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Video courtesy of Prof. Matthew Nicholls, University of Reading

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83AD(CE) - 86AD(CE) Inchtuthil




Inchtuthil Bath House


How Blairgowrie almost became the capital of Scotland


Like many famous Roman sites, today there is little to see at Inchtuthil. The land is privately owned, and it can appear as just another tranquil area of countryside where cattle graze.

Yet it was here, on the plateau overlooking the River Tay, that around 83 AD(CE) Gnaeus Julius Agricola, the powerful Roman governor of Britain, built the vast legionary fortress.  Many forts, fortlets, camps and watchtowers were built by the Romans in Scotland, but Inchtuthil is Scotland’s only legionary fortress. Inchtuthil is regarded as the linchpin of Agricola’s campaign to subdue the Iron Age tribes, the Caledonians, and to take control of Caledonia (Scotland).

360 Photo Courtesy of Graeme Berry

The fortress covered approximately 53 acres (21.5 hectares) the size of 25 football pitches, 10 times the size of London’s Olympic Stadium. It was larger than the fortress at York and accommodated around 5500 soldiers of the Legion XX Valeria Victrix, in 64 BARRACK  BLOCKS shown with black roof tiles in this reconstruction. 

Reconstruction courtesy of Prof. Matthew Nicholls, University of Reading

When the Legion XX set off on a march from Inchtuthil, the head of the marching column would have been 5 miles up ahead, while the tail end was still at the fortress. A truly awesome and terrifying sight!

Most of the buildings would have been enclosed and protected by ditches, palisades (high fences of sturdy wooden stakes), ramparts and watchtowers. Two main streets ran through Inchtuthil and into the countryside beyond: the VIA PRINCIPALIS and the VIA PRAETORIA. Each of the four gateways into the fortress would have been vast wooden structures guarded 24/7.

Reconstruction courtesy of Prof. Matthew Nicholls, University of Reading

At the centre of Inchtuthil was the administrative building or headquarters: the PRINCIPIA. Excavations revealed that it had a 160 foot frontage and a large courtyard as well as the administrative offices. Yet  the Principia at Inchtuthil did not fill the space allocated for it. It may be that it would have been replaced by a much larger, grander building had the Legion XX remained at Inchtuthil.

Reconstruction courtesy of Prof. Matthew Nicholls, University of Reading

Although plans for Inchtuthil included a large area for the COMMANDING  OFFICER’S HOUSE (PRAETORIUM), it had not been built before Inchtuthil was evacuated and abandoned around the Summer of 86AD(CE) or early in 87AD(CE). Using evidence from other fortresses, had it been built, it would have been large, spacious and well-appointed, offering all the comforts that a wealthy, high ranking officer required.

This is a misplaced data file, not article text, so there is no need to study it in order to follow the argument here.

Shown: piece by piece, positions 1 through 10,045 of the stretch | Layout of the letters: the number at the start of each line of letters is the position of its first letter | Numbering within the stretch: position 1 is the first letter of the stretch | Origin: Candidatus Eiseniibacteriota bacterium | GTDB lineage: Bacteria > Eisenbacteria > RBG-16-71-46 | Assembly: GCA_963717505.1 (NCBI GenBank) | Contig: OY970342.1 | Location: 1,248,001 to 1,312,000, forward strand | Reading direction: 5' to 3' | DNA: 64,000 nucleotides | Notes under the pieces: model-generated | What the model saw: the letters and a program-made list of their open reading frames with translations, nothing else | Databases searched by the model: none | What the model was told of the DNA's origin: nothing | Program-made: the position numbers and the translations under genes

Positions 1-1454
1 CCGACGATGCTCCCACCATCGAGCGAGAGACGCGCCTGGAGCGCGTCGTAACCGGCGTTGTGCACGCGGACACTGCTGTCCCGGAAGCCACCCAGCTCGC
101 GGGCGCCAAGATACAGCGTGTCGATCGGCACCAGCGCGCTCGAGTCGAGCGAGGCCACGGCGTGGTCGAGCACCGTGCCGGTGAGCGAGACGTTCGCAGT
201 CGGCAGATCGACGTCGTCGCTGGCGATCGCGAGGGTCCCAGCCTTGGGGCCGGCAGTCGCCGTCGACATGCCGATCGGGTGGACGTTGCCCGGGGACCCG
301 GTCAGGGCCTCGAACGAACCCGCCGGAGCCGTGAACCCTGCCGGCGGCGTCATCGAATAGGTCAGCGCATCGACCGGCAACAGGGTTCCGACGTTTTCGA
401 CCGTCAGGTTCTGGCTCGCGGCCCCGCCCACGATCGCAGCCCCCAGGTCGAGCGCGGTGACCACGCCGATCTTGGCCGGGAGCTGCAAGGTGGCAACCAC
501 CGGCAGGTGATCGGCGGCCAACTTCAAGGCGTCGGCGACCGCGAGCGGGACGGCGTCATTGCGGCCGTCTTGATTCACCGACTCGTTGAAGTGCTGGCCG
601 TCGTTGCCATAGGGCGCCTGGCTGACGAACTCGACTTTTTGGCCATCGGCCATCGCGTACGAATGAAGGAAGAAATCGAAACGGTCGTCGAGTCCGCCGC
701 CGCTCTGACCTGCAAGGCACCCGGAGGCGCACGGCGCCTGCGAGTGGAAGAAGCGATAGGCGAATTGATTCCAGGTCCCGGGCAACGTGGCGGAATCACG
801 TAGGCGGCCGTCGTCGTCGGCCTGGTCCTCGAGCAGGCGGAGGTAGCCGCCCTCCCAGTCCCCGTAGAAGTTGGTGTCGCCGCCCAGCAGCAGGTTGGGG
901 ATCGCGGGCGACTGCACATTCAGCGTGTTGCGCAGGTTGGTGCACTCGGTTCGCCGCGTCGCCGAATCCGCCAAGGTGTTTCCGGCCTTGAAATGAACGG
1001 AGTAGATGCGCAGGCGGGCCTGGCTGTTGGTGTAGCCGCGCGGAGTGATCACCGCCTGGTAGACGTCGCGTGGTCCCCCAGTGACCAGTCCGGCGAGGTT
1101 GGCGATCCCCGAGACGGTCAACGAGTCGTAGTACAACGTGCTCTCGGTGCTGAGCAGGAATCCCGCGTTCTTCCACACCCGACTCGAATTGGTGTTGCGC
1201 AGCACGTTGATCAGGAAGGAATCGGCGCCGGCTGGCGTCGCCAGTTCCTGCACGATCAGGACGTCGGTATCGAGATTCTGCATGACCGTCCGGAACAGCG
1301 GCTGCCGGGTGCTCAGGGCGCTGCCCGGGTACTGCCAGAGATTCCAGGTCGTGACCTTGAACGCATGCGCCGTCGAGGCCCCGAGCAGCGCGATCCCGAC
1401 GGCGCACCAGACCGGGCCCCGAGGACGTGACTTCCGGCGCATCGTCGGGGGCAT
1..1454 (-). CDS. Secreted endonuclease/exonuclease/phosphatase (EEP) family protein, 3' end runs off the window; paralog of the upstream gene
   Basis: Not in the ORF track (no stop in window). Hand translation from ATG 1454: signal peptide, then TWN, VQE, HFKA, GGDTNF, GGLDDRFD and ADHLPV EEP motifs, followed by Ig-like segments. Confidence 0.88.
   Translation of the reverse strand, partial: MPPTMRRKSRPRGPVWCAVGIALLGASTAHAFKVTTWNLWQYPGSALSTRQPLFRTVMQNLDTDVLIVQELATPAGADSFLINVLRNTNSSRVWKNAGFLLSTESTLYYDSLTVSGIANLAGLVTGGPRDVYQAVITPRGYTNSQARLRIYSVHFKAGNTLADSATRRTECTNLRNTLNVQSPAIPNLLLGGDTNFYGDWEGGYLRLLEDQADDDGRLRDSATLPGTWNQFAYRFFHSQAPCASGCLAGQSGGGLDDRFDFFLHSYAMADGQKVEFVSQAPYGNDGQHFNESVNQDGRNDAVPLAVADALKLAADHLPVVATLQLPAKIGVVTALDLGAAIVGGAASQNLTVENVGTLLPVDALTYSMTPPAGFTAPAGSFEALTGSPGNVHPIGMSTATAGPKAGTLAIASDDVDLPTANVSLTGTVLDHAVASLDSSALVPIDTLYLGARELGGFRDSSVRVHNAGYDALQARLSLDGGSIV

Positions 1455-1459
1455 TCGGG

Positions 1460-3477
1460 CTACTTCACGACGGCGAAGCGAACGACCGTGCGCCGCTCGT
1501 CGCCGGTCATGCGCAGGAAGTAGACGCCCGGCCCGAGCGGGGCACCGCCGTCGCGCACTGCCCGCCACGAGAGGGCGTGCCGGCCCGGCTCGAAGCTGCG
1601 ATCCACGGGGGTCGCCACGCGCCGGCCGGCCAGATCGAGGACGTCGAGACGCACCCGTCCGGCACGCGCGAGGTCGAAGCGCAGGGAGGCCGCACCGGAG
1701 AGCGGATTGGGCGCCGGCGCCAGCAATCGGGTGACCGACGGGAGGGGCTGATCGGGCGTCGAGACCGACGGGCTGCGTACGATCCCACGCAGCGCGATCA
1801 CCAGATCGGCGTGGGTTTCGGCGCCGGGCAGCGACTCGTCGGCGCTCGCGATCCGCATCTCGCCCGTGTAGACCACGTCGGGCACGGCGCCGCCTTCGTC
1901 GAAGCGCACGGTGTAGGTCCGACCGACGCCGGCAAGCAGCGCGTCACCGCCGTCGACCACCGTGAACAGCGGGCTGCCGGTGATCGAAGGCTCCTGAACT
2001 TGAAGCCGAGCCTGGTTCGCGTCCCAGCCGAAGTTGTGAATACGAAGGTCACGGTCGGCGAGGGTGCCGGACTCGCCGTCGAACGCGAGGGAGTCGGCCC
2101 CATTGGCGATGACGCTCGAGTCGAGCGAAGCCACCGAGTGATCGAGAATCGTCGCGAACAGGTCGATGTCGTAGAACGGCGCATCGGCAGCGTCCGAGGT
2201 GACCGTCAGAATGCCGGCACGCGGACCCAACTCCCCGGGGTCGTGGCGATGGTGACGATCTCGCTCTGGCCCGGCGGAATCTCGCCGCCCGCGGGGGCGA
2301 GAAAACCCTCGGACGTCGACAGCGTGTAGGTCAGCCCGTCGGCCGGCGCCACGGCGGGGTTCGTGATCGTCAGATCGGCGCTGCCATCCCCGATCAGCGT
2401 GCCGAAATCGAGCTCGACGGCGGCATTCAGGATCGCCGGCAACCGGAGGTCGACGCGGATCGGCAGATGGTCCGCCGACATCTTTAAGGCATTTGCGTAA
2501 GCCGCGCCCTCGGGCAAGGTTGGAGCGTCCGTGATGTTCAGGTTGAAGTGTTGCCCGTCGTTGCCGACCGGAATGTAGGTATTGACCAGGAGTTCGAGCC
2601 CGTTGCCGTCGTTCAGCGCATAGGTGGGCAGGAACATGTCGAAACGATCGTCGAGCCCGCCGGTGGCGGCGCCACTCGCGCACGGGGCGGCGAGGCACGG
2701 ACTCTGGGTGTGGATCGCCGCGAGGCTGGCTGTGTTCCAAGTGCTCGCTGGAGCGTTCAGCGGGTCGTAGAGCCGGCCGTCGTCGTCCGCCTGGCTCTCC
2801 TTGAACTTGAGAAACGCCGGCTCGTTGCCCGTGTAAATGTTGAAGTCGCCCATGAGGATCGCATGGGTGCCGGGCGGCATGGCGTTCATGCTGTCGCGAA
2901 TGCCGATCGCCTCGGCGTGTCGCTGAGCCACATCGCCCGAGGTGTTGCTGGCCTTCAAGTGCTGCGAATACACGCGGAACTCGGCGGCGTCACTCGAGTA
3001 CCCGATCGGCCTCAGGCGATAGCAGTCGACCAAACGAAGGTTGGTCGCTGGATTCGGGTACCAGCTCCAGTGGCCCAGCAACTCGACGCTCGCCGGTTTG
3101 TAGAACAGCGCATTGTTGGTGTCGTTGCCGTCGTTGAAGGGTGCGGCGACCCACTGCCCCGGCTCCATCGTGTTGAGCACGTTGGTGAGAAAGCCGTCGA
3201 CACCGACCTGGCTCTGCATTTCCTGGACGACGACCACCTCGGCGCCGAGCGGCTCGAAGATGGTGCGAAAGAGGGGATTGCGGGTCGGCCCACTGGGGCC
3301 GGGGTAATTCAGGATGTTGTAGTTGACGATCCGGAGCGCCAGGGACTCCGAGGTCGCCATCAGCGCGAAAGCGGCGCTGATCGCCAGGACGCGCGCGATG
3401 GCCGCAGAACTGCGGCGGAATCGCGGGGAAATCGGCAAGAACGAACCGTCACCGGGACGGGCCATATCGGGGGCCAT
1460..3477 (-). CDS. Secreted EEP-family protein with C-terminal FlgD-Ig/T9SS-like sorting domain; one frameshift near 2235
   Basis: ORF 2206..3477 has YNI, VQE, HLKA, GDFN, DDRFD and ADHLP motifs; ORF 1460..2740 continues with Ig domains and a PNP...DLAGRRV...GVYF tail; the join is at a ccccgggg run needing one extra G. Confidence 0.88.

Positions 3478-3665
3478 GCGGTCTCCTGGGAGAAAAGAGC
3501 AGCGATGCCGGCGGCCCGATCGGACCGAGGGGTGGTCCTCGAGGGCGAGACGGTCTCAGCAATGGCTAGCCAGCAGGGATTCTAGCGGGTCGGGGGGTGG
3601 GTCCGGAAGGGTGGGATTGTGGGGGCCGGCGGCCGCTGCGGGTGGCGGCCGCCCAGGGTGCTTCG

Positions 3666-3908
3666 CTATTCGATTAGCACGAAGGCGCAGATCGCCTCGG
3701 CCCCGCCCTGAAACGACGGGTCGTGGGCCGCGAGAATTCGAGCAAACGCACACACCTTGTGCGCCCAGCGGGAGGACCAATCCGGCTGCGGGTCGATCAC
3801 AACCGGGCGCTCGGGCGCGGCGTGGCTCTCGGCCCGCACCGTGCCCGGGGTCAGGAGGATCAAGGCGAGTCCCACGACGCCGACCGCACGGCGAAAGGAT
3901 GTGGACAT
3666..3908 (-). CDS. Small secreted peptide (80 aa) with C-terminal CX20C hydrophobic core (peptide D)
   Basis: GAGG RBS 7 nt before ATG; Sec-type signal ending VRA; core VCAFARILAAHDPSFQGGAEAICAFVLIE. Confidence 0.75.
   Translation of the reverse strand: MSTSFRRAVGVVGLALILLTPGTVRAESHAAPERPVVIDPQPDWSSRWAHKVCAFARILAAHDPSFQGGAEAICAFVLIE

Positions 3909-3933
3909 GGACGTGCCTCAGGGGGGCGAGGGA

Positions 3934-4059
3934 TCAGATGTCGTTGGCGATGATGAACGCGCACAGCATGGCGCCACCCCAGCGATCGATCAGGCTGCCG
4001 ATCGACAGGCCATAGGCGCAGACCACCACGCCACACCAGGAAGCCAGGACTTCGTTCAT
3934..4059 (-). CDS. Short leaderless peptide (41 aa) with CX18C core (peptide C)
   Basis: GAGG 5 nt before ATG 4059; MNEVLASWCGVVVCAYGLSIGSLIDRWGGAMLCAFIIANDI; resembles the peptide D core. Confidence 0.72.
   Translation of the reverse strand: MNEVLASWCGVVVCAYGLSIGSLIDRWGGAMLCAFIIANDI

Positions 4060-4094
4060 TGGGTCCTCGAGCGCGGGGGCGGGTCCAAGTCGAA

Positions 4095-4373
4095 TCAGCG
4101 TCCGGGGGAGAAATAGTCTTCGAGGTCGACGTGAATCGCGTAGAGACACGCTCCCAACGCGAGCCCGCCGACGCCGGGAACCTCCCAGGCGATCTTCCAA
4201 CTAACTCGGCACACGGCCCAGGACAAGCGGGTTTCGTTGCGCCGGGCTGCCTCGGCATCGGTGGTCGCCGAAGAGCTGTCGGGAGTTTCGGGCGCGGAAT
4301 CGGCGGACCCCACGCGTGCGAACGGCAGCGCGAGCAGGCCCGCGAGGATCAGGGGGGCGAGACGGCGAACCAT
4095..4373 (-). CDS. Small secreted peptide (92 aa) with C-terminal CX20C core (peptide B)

The MILITARY  HOSPITAL (VALETUDINARIUM) was a vast building which had the potential to accommodate around 300 patients.

In the WORKSHOP (FABRICA) blacksmiths, carpenters, leather workers and other craftsmen would have made and repaired armour, weapons, chariots, wheels, bricks, roof tiles, nails and other building materials.

In the Summer of 1960, during excavations a large hoard of Roman nails, cartwheel rims and other iron objects such as a ballista head were found beneath where the Fabrica had been. 

See here for an excavation photograph showing the nails.  

In addition, Inchtuthil had 6 GRANARIES (HORREA) and stabling for 1000 horses and mules.

In the 2012 BBC documentary 'Scotland: Rome's Final Frontier' Dr Fraser Hunter, Principal Curator of Iron Age and Roman Collections at the National Museum of Scotland, Edinburgh, points out that great cities like York and Chester developed from Roman fortresses, and suggests that, had the Legion XX remained at Inchtuthil there was the potential for it to be the location of Scotland's capital city.

To reach Inchtuthil travel west from Meikleour on the A984. Where it joins the B947 turn left. Follow a track for about 3 miles past the farm and carry on up the slope. Having crossed by the stile you will be standing on the Via Principalis.


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